The Lawrence-Douglas County Health Department urges residents to take precautions against pertussis, also called whooping cough, as it has seen a resurgence of activity especially in the Baldwin City area.
The health department reported 23 cases of pertussis in October, and it is investigating additional cases. So far this year, there have been 84 cases compared to 17 cases in 2011. The department has responded by providing treatment and prevention recommendations to the ill, their possible contacts and area physicians. It has been working closely with local school districts, Kansas University and Baker University.
Statewide, there have been 588 pertussis cases so far this year, compared to 52 in 2011.
Pertussis is a contagious, respiratory disease caused by bacteria. It is spread by coughing or sneezing in close contact with others.
The symptoms of pertussis begin much like a common cold:
• Runny nose or congestion
• Occasionally a mild cough or fever
• Infants and children with the disease may cough violently and rapidly, over and over, until the air is gone from their lungs and they’re forced to inhale with a loud “whooping” sound.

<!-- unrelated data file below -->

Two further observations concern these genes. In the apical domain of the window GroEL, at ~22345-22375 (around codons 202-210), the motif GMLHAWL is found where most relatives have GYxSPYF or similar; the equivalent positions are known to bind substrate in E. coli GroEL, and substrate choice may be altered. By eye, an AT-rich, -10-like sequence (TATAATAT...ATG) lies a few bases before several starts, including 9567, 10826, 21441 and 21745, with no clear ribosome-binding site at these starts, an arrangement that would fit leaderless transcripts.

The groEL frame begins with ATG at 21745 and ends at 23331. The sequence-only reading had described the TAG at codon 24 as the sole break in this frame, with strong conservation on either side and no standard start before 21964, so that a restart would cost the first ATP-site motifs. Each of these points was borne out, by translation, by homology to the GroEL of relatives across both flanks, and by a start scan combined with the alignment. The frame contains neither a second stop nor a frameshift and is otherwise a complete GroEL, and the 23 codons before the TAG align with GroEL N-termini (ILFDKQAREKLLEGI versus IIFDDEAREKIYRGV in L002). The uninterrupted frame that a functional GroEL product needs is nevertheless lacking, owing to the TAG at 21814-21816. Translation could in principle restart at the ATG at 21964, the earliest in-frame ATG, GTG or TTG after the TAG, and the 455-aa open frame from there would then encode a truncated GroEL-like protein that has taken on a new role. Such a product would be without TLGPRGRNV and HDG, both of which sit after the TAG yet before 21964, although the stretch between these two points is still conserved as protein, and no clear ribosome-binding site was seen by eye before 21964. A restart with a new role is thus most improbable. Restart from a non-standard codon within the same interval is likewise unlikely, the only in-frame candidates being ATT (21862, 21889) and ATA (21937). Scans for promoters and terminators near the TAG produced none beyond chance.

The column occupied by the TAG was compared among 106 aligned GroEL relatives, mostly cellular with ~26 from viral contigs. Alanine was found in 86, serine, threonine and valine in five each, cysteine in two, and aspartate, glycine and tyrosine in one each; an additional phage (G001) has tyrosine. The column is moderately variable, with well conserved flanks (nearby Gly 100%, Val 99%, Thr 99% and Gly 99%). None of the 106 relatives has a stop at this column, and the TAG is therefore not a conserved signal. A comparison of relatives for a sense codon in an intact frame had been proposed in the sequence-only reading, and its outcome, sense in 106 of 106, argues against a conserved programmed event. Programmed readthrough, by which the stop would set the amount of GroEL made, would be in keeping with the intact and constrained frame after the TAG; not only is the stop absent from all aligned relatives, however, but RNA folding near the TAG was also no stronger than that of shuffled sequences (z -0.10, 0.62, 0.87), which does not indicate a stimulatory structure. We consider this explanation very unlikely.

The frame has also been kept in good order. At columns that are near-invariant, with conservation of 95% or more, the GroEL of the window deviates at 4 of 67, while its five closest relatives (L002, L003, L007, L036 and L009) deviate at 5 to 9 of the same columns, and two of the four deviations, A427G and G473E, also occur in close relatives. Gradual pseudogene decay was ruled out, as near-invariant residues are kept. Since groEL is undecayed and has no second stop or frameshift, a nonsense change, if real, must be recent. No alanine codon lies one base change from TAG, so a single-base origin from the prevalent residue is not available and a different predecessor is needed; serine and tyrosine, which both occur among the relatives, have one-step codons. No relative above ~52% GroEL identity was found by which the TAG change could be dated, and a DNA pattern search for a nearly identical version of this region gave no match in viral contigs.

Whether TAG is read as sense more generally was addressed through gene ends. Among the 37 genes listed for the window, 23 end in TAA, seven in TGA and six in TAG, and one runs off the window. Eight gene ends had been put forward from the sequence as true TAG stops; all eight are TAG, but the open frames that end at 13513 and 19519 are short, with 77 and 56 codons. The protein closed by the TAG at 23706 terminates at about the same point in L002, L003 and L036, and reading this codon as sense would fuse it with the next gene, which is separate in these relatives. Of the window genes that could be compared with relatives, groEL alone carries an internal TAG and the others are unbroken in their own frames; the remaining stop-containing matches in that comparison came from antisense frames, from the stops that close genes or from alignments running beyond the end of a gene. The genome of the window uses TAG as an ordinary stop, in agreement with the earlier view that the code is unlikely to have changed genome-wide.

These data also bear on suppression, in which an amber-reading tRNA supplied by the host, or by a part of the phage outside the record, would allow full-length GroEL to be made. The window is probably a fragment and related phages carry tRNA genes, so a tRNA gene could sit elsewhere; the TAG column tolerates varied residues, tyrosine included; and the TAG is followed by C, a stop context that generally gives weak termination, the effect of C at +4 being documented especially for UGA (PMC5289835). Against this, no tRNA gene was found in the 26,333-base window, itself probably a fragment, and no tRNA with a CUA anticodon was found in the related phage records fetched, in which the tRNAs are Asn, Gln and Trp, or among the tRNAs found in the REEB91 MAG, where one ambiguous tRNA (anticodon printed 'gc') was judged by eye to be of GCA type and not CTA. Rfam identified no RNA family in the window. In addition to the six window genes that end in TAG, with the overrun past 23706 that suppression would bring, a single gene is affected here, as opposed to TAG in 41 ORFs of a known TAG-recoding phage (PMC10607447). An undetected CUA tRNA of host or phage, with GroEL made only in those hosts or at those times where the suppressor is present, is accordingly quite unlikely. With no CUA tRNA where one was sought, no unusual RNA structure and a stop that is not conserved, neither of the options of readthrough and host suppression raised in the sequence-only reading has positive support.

In rare cases (one out of 200), pertussis can cause death, especially in children age 1 or younger.
To stop the spread of pertussis, the health department recommends:
• Contacting your physician by phone if you have any symptoms.
• Be sure to take all medication if recommended and isolate yourself.
• Stay home when you are ill.
• Cover your cough.
• Be sure that you and your children are up to date on immunizations for pertussis vaccine (Dtap or Tdap).
The Lawrence-Douglas County Health Department offers pertussis vaccines through its walk-in clinic, 200 Maine. Some adults may be eligible to receive the pertussis vaccine at a reduced rate if they meet certain income guidelines. For clinic hours, visit the health department’s website at www.ldchealth.org/contact.
If you have any questions, please contact your physician or the health department at (785) 843-0721 and ask for a communicable disease nurse.